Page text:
Moto E 2 (2015) Phone Review
The new Moto E 2 (2015) – First Impressions
Last year’s Moto E was one of the best sub-£100 phones. It offered great features in a small, attractive and affordable design – it was a perfect starter phone. This year the 2nd-gen Moto E (2015) returns with a slightly higher £109 starting price, but it’s also smarter and adds 4G/LTE support. These are my first impressions after a few hours with the new phone.
Straight out of the box, the new Moto E is definitely more attractive – I like how the smooth curve hides the thickness of the phone and helps it sit comfortably in my palm. Its 4.5-inch, 540 x 960 resolution display is larger than 2014 version, which had 4.3-inch screen. The front facing camera is still only 5-megapixel, but Motorola has responded to customer feedback by including a front-facing camera for selfies, although it’s only VGA (640 x 480) quality.
Aimed at casual and first time smartphone owners, the Moto E is one of the most affordable ways to experience some of the more advanced Android and Moto features, such as phone motion gestures. For example, if you twist the phone twice, it will activate the rear camera, repeat the action and it will switch to the front-facing camera. Features like Quick Capture have been borrowed from the more expensive Moto X and Moto G and seem to work well on the Moto E.
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There are a couple of notable differences between this model and the last when viewed faced on. The speaker slot below the screen is gone, making more room for the larger screen – the thickness of the bezel either side of the screen is almost identical, though.
The 2015 Mote E can be customised using different coloured grip bands and grip shells. Up to six different coloured bands are available at launch, while the clear grip shell could be used to add photos or a custom design to the rear of your phone if you or any of your friends are artistically inclined.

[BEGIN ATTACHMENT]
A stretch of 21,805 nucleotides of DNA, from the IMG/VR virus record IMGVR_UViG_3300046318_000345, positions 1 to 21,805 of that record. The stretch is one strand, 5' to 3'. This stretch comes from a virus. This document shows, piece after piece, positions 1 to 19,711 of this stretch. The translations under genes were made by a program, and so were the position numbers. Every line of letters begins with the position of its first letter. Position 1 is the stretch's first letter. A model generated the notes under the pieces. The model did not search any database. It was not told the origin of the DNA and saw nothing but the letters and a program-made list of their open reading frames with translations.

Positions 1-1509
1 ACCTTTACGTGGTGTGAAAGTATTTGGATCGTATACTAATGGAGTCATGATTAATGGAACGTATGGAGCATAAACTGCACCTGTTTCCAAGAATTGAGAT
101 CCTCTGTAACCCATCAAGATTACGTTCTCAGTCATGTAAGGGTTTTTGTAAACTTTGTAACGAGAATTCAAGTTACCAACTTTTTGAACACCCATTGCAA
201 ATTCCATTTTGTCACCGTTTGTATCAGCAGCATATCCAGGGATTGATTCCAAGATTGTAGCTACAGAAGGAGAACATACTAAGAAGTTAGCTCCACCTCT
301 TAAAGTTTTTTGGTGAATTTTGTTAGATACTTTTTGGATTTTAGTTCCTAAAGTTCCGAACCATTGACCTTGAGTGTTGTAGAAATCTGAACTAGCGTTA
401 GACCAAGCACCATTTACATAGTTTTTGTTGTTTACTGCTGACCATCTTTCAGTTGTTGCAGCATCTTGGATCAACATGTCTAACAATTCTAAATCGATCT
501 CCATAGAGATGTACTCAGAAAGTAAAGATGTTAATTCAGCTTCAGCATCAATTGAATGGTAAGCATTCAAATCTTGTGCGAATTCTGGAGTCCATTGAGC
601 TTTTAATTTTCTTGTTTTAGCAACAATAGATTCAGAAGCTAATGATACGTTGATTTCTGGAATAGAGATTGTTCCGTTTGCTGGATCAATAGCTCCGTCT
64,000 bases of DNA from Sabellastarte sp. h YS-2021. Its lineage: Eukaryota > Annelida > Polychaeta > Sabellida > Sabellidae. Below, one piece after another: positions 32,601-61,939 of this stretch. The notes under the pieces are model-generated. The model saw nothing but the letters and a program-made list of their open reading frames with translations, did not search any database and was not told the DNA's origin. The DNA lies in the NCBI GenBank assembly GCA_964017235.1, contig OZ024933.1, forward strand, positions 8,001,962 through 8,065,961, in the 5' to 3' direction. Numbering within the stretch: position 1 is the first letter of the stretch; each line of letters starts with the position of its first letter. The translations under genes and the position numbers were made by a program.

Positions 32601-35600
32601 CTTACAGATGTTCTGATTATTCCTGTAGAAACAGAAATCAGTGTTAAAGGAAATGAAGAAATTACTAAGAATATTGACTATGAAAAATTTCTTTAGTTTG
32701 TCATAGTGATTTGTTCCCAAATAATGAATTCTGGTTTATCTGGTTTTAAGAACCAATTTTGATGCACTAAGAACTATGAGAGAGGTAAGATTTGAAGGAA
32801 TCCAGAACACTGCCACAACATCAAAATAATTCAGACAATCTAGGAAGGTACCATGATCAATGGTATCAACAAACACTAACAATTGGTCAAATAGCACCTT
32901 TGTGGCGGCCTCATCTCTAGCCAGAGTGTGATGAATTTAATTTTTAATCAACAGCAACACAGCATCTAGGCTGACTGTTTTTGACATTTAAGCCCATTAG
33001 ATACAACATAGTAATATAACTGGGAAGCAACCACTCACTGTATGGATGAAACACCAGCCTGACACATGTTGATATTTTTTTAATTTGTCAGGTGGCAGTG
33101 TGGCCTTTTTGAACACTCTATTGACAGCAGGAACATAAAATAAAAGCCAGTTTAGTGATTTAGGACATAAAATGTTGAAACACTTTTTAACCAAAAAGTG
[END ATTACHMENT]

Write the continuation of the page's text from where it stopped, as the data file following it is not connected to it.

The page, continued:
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The previous Moto E carried a 1,980mAh battery and delivered about a day and a half’s usage, so the larger 2,390mAh battery should last as long or a little longer. Bear in mind, though, that the larger screen might result in a smaller gain than you’d hope – we’ll be testing this in our full review.
The built-in storage has been doubled from 4GB to 8GB, but the capacity can also be increased up to 32GB using the microSD expansion slot. That’s a decent combination for a cheap phone – 8GB might be enough for lighter users.
Impressively, the new Moto E has a quad-core Qualcomm Snapdragon 410 1.2GHz processor and runs the new Android 5.0 lollipop OS straight out of the box. This blurs the lines between what is typically classed as entry-level and mid-range, which is damn impressive in a phone that will sell for around £100/$130 SIM-free.
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Motorola believes that advanced features and a premium user experience doesn’t need to come at a premium price. The new Moto E (2015) is the embodiment of that belief. The features it offers wouldn’t look out of place on a pricier mid-range handset, and makes the likes of the Lumia 535 look poor value.
Bottom line, it looks like a promising budget phone, though the Honor Holly could give it a run for its money. Look out for a review in a couple of weeks.
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